Scientists have achieved a significant breakthrough in the field of UV photonics by creating chip-based optical resonators that operate in the ultraviolet (UV) and visible regions of the spectrum with a record low ultraviolet light loss. The development of these resonators opens up possibilities for creating miniature chip-based devices and advancements in fields such as spectroscopy, underwater communication, and quantum information processing.

UV photonics, although less explored compared to telecommunications and visible photonics, is crucial for accessing certain atomic transitions in quantum computing and exciting specific fluorescent molecules for biochemical detection. The newly developed resonators establish a foundation for constructing photonic circuits that operate at UV wavelengths.

The researchers used thin alumina films to build the microresonators, using an atomic layer deposition (ALD) process. Alumina, with its wide bandgap and transparency to UV photons, proved to be an ideal material for reducing light loss. By carefully optimizing the design and fabrication techniques, the scientists achieved low loss at UV wavelengths.

The microresonators were produced using an etching process to create a rib waveguide structure, which allowed for light confinement. The researchers conducted simulations to determine the optimal etching depth that would achieve a balance between light confinement and minimization of losses through scattering.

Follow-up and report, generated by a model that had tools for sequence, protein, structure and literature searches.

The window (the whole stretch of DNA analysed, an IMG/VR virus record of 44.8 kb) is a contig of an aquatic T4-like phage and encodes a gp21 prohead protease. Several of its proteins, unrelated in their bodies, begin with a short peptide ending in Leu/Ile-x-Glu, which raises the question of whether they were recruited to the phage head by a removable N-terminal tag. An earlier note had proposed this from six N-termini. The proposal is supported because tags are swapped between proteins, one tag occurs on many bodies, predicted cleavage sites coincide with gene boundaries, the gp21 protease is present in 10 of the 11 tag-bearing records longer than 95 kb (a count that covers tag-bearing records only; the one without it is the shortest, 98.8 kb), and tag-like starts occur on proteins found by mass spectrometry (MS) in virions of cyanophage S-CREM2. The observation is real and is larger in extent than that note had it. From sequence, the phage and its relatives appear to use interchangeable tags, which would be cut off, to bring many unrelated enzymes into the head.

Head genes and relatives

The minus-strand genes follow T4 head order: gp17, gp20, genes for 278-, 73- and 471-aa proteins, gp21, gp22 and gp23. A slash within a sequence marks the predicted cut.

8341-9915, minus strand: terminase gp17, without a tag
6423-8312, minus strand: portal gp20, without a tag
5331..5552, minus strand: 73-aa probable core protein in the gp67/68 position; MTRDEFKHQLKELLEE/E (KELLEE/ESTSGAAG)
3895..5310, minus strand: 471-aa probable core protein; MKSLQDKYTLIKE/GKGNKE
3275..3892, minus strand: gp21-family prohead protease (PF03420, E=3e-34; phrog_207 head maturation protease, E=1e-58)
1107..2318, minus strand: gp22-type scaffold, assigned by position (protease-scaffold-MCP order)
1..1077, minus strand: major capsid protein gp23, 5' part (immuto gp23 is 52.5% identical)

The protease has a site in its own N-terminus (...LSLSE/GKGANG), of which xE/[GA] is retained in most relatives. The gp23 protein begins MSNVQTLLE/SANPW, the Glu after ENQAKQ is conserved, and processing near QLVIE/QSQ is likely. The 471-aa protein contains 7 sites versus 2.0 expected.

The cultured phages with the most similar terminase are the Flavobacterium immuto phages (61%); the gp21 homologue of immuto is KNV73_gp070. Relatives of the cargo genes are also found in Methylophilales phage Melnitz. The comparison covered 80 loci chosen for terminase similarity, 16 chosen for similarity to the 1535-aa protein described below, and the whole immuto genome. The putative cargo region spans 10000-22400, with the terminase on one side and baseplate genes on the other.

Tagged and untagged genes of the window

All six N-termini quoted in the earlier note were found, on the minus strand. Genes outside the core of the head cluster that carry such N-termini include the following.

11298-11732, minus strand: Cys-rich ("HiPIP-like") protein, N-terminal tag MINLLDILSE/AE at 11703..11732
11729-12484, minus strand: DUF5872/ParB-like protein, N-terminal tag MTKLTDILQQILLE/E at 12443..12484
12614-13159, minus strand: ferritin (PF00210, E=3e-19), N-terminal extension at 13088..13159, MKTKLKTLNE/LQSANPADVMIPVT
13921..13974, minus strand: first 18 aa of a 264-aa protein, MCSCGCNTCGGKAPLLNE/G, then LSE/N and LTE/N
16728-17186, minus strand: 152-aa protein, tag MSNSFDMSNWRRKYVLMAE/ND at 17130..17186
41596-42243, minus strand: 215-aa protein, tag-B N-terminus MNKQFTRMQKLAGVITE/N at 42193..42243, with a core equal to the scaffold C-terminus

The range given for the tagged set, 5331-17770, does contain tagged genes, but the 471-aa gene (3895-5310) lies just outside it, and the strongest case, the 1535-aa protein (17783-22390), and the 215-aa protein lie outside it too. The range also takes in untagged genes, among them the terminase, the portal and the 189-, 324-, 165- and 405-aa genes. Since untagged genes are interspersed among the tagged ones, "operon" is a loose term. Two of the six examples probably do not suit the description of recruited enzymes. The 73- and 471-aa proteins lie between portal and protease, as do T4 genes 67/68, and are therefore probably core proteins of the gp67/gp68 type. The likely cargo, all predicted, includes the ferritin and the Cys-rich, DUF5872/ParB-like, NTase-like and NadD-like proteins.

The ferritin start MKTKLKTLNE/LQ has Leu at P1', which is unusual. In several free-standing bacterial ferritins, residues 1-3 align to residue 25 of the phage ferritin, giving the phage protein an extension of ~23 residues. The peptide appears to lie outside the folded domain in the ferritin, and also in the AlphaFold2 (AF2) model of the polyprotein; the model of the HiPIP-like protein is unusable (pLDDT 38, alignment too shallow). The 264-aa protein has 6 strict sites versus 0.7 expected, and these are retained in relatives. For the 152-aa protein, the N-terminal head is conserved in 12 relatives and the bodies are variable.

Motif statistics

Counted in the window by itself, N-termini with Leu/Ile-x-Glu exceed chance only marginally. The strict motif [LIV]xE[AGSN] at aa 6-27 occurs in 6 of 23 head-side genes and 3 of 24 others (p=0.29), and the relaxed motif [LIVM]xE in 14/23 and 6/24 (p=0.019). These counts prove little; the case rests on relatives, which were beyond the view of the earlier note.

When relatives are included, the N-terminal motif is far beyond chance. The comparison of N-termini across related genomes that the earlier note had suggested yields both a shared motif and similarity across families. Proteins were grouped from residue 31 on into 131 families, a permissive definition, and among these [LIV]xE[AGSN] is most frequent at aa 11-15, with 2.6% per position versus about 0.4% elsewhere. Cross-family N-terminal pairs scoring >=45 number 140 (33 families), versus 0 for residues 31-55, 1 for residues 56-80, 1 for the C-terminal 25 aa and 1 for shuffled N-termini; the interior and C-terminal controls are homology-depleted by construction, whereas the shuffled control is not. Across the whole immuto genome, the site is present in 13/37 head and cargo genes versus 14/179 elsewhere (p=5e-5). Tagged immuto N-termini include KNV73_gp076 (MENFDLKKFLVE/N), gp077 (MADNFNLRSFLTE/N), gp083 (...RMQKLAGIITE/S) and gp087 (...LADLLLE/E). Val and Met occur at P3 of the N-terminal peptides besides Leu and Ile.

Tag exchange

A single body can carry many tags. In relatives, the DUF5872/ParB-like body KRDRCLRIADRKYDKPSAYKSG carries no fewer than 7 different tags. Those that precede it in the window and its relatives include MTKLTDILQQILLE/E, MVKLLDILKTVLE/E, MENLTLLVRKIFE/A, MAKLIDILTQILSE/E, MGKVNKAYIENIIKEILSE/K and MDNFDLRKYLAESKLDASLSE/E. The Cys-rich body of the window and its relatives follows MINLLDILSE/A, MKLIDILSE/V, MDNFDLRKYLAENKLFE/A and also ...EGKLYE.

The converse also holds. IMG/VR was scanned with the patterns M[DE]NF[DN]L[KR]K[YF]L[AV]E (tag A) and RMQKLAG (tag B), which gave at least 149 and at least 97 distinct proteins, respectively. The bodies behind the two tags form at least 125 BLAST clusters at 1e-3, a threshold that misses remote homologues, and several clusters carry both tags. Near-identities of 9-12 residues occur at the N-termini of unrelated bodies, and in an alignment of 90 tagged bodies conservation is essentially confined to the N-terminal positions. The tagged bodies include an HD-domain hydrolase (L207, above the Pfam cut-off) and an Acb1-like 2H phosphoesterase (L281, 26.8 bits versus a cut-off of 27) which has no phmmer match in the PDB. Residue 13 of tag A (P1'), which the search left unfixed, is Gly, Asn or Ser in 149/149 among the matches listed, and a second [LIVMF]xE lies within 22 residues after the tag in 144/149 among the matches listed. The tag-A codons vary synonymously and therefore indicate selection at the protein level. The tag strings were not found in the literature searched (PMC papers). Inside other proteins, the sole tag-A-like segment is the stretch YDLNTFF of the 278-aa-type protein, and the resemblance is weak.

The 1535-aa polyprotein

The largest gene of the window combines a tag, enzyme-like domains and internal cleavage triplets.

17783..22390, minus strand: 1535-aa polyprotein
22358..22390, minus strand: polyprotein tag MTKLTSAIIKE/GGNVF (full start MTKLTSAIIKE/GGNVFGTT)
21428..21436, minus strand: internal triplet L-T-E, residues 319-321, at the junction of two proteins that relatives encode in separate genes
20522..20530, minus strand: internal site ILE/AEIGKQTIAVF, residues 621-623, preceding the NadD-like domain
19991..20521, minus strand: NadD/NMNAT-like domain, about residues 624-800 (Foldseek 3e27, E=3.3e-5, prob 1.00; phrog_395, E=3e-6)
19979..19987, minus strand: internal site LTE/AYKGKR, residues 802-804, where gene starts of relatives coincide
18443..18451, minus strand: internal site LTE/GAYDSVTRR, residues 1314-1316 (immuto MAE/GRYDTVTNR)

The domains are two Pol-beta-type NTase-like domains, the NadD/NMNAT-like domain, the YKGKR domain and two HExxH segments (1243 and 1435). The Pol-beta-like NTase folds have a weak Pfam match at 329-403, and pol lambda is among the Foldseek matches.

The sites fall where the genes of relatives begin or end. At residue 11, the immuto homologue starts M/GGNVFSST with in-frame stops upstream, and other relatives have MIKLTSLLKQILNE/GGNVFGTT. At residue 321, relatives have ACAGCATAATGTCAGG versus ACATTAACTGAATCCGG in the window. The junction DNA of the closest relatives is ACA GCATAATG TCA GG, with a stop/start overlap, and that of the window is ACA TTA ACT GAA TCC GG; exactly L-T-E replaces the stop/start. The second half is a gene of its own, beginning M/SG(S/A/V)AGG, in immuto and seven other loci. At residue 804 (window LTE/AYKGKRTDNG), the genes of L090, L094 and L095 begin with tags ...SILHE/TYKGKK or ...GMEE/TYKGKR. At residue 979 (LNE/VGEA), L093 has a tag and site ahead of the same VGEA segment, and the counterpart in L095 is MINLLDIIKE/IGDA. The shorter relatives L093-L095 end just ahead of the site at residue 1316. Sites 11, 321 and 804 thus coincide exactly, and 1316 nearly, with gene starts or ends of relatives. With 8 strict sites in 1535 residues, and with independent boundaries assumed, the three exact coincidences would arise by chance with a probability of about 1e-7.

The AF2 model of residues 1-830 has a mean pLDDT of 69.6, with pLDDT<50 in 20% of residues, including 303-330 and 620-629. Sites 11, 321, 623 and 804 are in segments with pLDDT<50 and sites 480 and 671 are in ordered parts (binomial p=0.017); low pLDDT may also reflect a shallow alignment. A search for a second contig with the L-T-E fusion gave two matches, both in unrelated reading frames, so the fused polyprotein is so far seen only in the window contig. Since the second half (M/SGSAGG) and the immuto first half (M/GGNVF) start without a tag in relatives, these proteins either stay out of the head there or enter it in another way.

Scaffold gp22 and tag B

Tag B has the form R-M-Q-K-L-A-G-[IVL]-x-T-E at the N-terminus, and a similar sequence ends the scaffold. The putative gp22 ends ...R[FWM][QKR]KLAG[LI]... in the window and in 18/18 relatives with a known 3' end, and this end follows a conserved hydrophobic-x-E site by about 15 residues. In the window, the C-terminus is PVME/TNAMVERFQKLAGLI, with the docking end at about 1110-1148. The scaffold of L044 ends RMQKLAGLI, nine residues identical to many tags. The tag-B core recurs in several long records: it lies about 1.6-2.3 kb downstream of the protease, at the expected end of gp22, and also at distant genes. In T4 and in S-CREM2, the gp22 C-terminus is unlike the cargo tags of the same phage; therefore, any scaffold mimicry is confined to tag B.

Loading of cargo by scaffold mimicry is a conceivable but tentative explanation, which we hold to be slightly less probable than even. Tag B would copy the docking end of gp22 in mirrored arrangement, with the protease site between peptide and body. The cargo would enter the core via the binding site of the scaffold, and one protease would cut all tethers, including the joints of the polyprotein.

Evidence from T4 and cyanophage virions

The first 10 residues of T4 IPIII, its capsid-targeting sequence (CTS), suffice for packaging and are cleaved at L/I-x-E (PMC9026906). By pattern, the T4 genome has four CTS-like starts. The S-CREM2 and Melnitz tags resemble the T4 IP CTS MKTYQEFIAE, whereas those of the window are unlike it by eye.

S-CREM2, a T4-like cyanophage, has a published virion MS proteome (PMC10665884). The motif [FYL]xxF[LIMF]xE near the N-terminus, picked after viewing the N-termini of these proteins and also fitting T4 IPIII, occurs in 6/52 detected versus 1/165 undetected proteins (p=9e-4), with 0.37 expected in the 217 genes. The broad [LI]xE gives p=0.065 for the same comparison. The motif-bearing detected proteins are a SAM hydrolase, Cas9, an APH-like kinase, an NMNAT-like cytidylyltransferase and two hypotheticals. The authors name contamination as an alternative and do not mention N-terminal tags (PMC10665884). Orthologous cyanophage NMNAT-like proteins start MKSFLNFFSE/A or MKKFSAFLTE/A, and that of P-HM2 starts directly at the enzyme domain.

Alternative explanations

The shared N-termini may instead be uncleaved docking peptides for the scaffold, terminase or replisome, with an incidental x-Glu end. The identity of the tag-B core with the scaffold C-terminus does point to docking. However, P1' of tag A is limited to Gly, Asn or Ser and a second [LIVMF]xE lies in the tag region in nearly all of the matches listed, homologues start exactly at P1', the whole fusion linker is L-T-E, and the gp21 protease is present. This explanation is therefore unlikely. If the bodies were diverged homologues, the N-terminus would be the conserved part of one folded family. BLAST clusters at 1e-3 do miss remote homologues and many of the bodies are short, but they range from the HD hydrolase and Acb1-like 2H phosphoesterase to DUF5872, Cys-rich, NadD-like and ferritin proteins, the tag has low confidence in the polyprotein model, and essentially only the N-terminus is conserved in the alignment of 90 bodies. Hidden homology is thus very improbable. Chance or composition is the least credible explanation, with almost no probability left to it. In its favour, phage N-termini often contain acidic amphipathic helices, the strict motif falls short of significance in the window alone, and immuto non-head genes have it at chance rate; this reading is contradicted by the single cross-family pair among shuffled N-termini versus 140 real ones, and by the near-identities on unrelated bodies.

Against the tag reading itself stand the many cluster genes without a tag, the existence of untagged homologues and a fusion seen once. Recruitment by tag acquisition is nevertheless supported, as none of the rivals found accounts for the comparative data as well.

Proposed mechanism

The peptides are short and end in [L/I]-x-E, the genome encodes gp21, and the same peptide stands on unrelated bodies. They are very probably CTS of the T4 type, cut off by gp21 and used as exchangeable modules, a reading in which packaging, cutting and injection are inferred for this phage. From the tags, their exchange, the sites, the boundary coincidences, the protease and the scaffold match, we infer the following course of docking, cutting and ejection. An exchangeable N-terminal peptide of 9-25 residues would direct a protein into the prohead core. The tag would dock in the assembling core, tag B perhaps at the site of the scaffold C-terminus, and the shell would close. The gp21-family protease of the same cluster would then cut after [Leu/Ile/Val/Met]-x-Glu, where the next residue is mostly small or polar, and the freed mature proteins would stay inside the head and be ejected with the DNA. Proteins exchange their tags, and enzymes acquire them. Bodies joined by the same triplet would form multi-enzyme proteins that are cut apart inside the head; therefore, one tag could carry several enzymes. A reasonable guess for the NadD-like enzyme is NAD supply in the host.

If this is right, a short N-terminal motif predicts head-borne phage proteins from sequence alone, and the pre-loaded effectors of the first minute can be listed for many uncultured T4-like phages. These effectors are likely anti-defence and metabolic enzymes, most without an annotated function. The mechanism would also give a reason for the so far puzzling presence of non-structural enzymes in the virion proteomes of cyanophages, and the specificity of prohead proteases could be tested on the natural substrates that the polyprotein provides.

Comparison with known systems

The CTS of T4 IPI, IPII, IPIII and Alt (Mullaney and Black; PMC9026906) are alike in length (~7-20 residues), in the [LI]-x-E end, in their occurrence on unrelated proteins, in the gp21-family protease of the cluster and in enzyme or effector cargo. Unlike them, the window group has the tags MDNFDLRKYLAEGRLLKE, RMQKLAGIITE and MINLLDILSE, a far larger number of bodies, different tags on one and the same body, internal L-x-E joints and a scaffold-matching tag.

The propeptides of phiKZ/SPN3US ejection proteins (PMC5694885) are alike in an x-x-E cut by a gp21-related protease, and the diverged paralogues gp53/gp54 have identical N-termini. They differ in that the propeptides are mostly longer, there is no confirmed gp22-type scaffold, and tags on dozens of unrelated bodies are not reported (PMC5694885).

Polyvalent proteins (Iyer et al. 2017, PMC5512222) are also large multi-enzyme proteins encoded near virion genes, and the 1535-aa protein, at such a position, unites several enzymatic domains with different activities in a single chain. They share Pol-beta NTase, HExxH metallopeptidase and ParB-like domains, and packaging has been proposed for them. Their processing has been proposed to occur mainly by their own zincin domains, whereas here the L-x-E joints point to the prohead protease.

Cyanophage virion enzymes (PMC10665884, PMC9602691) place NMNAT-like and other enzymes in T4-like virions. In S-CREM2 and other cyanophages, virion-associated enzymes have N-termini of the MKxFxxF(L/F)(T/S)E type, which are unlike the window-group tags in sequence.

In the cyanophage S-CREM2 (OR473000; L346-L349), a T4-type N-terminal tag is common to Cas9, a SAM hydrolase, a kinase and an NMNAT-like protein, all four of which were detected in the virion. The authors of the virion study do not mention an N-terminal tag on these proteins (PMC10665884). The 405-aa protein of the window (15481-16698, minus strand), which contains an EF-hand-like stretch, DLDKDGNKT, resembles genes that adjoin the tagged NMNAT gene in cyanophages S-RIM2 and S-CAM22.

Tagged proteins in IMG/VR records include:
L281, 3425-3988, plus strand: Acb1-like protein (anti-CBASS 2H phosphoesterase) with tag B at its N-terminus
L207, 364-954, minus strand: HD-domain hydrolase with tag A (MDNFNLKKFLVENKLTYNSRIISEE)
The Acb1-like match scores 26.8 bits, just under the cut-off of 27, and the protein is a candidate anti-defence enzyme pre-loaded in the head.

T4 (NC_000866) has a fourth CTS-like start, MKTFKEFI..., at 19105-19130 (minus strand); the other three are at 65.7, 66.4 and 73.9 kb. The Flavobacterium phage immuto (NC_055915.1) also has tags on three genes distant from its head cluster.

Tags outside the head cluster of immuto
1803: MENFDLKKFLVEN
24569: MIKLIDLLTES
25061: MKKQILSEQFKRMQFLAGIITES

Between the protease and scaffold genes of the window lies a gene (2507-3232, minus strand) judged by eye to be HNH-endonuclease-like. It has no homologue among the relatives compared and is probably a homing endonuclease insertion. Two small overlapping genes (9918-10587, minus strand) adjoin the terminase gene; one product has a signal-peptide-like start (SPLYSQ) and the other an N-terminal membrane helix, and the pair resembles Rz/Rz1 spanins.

The team also successfully constructed ring resonators based on their calculations. These ring resonators exhibited exceptional quality factors (Q) in the UV and blue bands, indicating a reduction in light loss. Achieving a high Q factor is essential for precise control of wavelengths and the creation of integrated UV light sources in photonic integrated circuits.

The discovery of chip-based optical resonators with low UV light loss marks a critical milestone for UV photonics. The possibilities of applying structures developed for telecommunications and visible wavelengths, such as frequency combs and injection locking, now extend to the UV band. With the use of alumina compatible with CMOS, integrating UV photonics with existing technology becomes more feasible.

The research team is currently focused on improving the tunability of alumina-based ring resonators at various wavelengths. Their goal is to establish a complete UV system based on photonic integrated circuits with precise wavelength control and modulators.

Article Reference: He, C., et al. “Ultra-high Q alumina optical microresonators in the UV and blue bands.” Optica.

Source: Optica Publishing Group